The government is offering relief for Alberta and Saskatchewan ranchers caught in the bovine tuberculosis quarantine affecting parts of western Canada.
Up to $16.7 million is being made available to help ranchers, under an agreement with Alberta’s Agriculture and Forestry ministry, federal Agriculture Minister Lawrence MacAulay told the House of Commons on Wednesday.
More than 40 ranches in Alberta and Saskatchewan have been caught by the quarantine, which began after American agriculture officials notified the Canadian Food Inspection Agency that tuberculosis had been detected in a cow from Alberta when it was slaughtered in the U.S.
“We are committed to helping these ranchers while we take the appropriate measures to clear the industry of this disease,” MacAulay told the Commons.
The money is meant to help cover the extra costs producers are facing because of the quarantine, which prevents them from selling their stock.
Over 22,000 cattle have been placed under quarantine. The Canadian Food Inspection Agency said Monday that roughly 10,000 of the animals at 18 locations were deemed “high risk” for transmitting bovine TB and would be put down — including calves that were not being tested for the contagious disease.
The federal aid will help with feed for the animals, transportation, cleaning and disinfection as well as interest costs on loans, MacAulay said.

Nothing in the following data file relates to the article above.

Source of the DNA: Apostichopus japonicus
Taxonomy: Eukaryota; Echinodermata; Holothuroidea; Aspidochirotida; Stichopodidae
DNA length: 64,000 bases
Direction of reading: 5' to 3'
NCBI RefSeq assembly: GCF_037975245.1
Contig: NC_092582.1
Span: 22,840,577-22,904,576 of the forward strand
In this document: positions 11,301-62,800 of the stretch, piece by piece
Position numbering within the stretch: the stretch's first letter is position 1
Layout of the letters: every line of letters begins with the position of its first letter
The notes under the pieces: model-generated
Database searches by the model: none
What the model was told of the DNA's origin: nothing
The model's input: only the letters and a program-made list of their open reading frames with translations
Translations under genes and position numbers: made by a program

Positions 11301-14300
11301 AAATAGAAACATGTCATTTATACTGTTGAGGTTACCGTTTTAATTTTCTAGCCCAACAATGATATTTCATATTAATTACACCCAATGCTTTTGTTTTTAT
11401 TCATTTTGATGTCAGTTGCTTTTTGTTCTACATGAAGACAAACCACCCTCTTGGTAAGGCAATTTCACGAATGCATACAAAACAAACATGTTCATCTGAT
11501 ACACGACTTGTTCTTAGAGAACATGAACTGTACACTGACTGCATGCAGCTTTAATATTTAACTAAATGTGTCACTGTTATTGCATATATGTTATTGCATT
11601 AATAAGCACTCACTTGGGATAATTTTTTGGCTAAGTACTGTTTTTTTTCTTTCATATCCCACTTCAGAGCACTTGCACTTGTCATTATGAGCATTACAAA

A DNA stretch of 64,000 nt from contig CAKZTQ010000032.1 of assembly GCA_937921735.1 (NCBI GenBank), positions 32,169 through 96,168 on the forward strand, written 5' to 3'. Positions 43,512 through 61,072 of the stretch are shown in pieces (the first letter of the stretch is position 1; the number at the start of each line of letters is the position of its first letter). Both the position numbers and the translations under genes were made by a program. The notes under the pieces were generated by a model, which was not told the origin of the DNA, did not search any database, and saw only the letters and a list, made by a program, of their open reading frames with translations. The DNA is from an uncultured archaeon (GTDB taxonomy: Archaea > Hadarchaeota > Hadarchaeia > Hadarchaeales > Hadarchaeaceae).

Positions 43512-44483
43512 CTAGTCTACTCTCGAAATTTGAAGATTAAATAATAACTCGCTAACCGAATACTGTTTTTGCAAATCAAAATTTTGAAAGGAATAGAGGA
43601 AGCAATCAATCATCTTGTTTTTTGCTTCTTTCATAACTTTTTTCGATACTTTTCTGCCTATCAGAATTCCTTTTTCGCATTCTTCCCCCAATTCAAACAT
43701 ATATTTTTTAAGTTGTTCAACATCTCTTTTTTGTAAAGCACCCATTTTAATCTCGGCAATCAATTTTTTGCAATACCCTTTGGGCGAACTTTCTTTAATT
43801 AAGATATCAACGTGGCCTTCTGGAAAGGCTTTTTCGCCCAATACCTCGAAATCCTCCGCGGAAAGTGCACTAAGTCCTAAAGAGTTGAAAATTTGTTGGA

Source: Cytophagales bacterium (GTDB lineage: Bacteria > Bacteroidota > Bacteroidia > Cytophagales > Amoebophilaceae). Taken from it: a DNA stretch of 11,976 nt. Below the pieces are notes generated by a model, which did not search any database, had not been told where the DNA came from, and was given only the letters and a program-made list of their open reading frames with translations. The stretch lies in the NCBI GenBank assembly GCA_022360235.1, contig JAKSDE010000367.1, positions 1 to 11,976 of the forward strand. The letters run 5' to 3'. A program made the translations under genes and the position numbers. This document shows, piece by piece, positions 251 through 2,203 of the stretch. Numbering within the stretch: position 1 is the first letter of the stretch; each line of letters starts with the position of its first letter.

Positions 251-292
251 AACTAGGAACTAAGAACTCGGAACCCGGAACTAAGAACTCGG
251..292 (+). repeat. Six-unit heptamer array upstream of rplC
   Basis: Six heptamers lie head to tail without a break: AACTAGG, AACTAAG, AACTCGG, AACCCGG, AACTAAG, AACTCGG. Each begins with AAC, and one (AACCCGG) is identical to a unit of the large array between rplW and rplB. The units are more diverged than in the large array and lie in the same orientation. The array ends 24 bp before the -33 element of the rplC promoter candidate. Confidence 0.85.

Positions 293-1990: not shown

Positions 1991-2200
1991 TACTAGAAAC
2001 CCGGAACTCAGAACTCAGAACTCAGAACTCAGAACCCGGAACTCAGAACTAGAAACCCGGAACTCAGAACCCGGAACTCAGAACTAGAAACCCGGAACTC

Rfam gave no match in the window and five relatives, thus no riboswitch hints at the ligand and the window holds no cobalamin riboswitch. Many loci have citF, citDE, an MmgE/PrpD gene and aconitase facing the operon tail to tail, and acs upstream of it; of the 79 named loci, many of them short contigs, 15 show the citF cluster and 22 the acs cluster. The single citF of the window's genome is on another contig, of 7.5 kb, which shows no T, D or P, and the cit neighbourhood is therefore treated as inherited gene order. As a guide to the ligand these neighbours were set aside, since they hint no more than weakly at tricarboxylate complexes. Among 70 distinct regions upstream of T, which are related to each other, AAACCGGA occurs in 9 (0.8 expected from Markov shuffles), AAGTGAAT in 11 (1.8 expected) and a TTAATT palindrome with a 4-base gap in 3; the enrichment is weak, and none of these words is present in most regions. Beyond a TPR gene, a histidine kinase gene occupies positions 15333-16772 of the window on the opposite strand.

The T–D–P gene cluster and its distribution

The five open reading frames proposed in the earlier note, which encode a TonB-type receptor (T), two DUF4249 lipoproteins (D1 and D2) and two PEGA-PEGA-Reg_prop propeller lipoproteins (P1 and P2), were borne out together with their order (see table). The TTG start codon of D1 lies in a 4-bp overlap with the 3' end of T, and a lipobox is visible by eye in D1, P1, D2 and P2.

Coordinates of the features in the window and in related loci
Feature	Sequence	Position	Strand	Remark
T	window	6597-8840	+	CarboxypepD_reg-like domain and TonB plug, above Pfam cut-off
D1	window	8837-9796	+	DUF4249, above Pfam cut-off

Some ranchers have been pleading for government help, warning that they face bankruptcy over the costs of caring for animals they cannot send to market.
MacAulay said governments will work with the industry and producers to ensure the money flows simply and quickly.
Producers facing cash flow pressures can also access aid through the Advance Payments Program, which provides advance loans of up to $400,000, with the first $100,000 being interest free.
“This commitment is an important step in providing our producers with the support they need,” Alberta Agriculture Minister Oneil Carlier, said in a joint statement with MacAulay.
Officials were continuing to monitor the situation in Saskatchewan, where fewer farm properties are affected by quarantine orders, the statement said.